Social media is increasingly becoming an essential platform for social connectivity in our daily lives. The availability of mobile technology has further fueled its importance – making it a ubiquitous tool for social interaction. An emerging mode of learning is the mobile social media learning where social media is used in the mobile learning mode. However, limited studies have been conducted to investigate roles of social participation in this field. Thus, the study investigates roles of social participation in mobile social media learning using the “ladder of participation and mastering”. Participants were students taking an educational technology course in a local university. The study was conducted in a four-month period. Data was collected from discussions while learning among the students using one of the mobile social media platforms, Facebook groups. The data was analyzed using a social network analysis tool, NodeXL. Data was analyzed based on egocentric networks, betweeness centrality, and closeness centrality. The findings revealed that there are four roles of social participation in mobile social media, which are: (i) lurkers; (ii) gradually mastering members/passive members; (iii) recognized members; and (iv) coaches. The findings also indicated that over the course of four months, learners can inter-change roles of social participation – becoming more central or less central in learning discussions. As a result, a roles of social participation scale for mobile social media learning is proposed. Future research could be conducted in other fields to investigate whether mobile social media could be used to promote learning.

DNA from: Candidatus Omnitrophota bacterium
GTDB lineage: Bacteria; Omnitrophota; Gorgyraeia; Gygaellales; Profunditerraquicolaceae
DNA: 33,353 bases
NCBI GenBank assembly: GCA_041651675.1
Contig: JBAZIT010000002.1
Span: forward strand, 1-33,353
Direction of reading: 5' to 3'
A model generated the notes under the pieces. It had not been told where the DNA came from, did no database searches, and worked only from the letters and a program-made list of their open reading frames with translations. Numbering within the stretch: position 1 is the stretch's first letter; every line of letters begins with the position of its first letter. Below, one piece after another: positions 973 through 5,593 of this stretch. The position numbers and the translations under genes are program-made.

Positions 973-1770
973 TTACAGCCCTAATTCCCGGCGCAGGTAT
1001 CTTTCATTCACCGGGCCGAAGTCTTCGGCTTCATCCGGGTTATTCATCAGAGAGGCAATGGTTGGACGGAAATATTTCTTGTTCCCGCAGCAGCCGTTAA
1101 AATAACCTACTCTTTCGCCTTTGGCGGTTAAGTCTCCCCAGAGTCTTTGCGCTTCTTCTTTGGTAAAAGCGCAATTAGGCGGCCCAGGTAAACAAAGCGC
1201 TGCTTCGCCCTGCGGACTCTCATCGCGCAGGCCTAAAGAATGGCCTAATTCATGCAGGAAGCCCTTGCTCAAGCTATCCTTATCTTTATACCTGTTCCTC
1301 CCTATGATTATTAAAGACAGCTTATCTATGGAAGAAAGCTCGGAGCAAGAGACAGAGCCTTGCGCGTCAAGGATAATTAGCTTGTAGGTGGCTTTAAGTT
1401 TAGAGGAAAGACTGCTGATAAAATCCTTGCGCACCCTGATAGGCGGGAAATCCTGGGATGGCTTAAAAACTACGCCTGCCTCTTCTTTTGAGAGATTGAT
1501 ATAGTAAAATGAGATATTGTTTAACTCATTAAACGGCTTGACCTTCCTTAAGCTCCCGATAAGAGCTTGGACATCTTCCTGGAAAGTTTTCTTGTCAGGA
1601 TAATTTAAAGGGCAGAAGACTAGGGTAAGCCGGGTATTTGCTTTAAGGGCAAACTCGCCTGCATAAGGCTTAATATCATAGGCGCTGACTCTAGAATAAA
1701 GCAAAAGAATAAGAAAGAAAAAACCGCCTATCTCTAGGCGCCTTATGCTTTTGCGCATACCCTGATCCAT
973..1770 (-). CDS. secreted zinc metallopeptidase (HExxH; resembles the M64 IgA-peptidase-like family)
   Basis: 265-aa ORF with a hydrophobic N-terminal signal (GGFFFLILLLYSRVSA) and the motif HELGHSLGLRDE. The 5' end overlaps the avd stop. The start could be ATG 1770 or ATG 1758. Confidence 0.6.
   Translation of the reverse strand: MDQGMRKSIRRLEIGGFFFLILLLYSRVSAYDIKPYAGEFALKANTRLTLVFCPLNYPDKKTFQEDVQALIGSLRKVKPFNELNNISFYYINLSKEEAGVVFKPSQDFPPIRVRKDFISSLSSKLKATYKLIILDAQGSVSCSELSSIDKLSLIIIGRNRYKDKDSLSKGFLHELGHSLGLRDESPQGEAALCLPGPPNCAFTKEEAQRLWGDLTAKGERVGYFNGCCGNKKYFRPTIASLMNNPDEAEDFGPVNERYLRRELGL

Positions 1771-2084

Mon, 02 Nov 2015

Social media is widely considered to improve the collaborative learning among students and researchers. However, there is a surprising lack of empirical research in Malaysian higher education to improve performance of students and researchers through the effective use of social media that facilitates desirable outcomes. Thus, this study offers a review of the empirical literature, and its distinctiveness stems from the focus on collaborative learning and engagement in literature, as dominated by higher education. This study also aims to explore factors that contribute to the enhancement of collaborative learning and engagement through social media.  It is also unique in that it highlights that the effective use of social media depends on users in what is referred to as social interactivity to "collaborative learning, engagement and intention to use social media" - a phenomenon that relies on the theory of social constructivist learning. The findings showed that collaborative learning, engagement and intention to use social media positively and significantly relate to the interactivity of research group members (students and researchers) with supervisors to improve their academic performance in Malaysian higher education.

Mon, 02 Nov 2015

Most recent CIDER Session

As one district proves, you don’t have to wait until high school to expose students to their futures
16 hours ago
This research aimed to inform institutional leaders by producing and disseminating a system wide view of what tertiary education might look like in Aotearoa New Zealand, five years into the future. The researchers were responding to a challenge in a speech at the DEANZ 2010 conference by a highly respected national leader (Dr Peter Coolbear). […]
17 hours ago
Digital badging as a trend in education is now recognised. It offers a way to reward and motivate, providing evidence of skills and achievements. Badged Open Courses (BOCs) were piloted by The Open University (OU) in 2013. The project built on research into the motivations and profiles of learners using free educational resources which the […]
18 hours ago
India and China are two fast growing economies of the world and need large skill based manpower to sustain the economic growth. The existing formal higher educational system in these countries will not be able to meet the demand of the economy. The paper will try (i) to compare the development of economy and distance […]
18 hours ago

Search in this group